How to Halter Train Shy Two Year Old Colt

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Chelsie Natural Horsemanship Halter and Lead

Chelsie Natural Horsemanship Halter and Lead

Q.

Hi Chelsie,

I am 13 years old and have a 2 year old quarter horse that will be 3 soon. I haven’t done much with him yet and he is kind of shy. He is very calm and has never spooked on me.

I am trying to halter break him. I need some help here… I started with this last year sort of just getting him used to the halter being around. Its not a rope halter.  I don’t think our town’s tack shop sells them, but my mom has a friend who makes them so I could get one if absolutely necessary. Just wondering how to halter break him.

We don’t own the place we keep him but there are no other horses there besides my other horse Snowball. There is a round pen and 4 pastures and a few smaller sections.
Anyway’s,  just wondering the best way to get him halter broke.

-Hunter B. from Maple Creek, Saskatchewan, Canada

A.

Hello Hunter,
Thanks for your email. I recommend that you seek the help of a professional Natural Horsemanship Trainer in your area. Halter training a young, strong, shy horse is going to be hard and I want you to be safe.

Here are some things that you can do though.

First you need to be able to rub your horse all over his body and him not be afraid. Can you do this? If so, next take the halter and rub it all over his body like a brush. When you can do this, while he is in a safe place like your round pen put the flat nylon halter on him with no lead rope and let him wear it for an hour or so under your supervision, never leave him alone with it on. Here is an article I wrote that might help you also.


When your horse gets comfortable with the halter being rubbed on him and put on his head and wearing it, then you can go to the next step. You will also want to teach him how to respond to poll pressure, he needs to learn how to respond to that before you put a lead line on him. The poll is right behind his ears and where the halter goes over his head. So take your hand and rub on his poll, when he is comfortable with this, gently push down on his poll. What you want is for him to put his head down. He will probably put his head up, so just keep light pressure on his poll until he puts his head down, even if it is just a little, then release the pressure ( that is his reward, the release ) and rub him on his poll and then start again. Get him to where you can lower his head down to the ground when you put pressure on his poll.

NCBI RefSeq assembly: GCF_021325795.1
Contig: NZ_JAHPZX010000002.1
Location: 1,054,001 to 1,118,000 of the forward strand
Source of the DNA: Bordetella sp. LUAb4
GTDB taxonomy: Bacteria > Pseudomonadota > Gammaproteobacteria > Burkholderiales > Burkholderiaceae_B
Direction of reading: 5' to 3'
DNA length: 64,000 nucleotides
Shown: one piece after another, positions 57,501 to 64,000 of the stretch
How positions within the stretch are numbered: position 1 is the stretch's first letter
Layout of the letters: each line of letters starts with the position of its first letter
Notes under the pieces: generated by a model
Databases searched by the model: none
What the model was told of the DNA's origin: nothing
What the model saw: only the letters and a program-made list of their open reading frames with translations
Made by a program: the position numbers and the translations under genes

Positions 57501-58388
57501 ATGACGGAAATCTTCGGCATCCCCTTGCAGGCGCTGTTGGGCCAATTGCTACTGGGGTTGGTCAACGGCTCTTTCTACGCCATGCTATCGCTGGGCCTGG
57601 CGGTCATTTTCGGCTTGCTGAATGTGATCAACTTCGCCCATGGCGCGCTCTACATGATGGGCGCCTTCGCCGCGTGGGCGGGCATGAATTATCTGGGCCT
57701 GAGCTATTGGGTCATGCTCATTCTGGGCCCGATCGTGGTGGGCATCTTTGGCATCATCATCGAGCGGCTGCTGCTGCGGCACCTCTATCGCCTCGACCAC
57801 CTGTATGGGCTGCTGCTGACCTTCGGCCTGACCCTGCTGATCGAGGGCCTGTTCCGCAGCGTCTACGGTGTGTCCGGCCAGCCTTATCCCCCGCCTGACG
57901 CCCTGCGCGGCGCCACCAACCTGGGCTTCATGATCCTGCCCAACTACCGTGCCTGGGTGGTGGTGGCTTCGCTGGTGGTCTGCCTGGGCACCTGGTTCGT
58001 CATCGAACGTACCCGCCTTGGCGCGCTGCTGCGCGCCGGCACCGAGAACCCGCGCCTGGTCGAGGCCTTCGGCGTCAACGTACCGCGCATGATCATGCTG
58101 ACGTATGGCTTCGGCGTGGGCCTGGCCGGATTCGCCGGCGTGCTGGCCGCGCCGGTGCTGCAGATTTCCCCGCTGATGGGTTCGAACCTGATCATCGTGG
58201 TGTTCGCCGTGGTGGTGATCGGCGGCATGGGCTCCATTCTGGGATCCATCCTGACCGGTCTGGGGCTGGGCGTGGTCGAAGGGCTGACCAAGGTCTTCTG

Next get yourself a rope halter with a 12’ or longer lead. Here is a link of our halters for sale:

One thing you want to make sure of when buying your halters is that they are made out of Yachting braid rope. This kind of rope is way less likely to give you a rope burn should your horse get scared and start pulling on you. Also they are very soft, not stiff. If they are stiff they will be more severe.

See my 2 part video on the best halter to buy at:

Video – The Best Halter to Buy Part 2 of 2



Now put your rope halter on your horse and slowly step to the side of your horse and gently pull on the rope, just keep a soft pull on the rope don’t tug and release and tug again, keep a soft steady pull. By stepping to his side you are going to be more likely to get his feet moving rather than trying to pull him straight forward. Also when trying to pull them straight forward right away the horses will panic and pull back and then leap forward and could run you over. Once you get his feet moving just walk around the round pen and if he keeps following you, great, if not you will step to either side and get his feet loose again. Once you have done this for a few days or more, than start to ask him to come to you by softly and slowly pulling him into you straight forward. Keep a soft and steady pull until he takes a step forward, then release the rope (that is his reward, release) and then start softly pulling again. Do this over and over again until he understands the pressure.

You also want to be doing all of this with your long rope standing half way out your rope or more, not right up at the halter. That way if he gets afraid and starts to panic you will not be in the kick or strike zone.

The next thing that you want to do now that your horse is doing good responding to pressure off of the lead line, is he needs to learn how to back up when you wiggle the rope side to side. This is a major safety move so that your horse learns how to get out of your space and not run over you. Here is an article that talks about this and how to teach your horse how to do it.


Once your horse understand how to back away from you, back him all the way out to the end of your lead line and then softly pull him back in to you. When he is doing this really well, not pulling on you when you ask him to go forward and backing nicely, now you are ready to lead him around outside of the round pen.

Thanks for the question and I hope this will help you and your horse.

Chelsie Kallestad
chelsienaturalhorsemanship.com

928-713-3468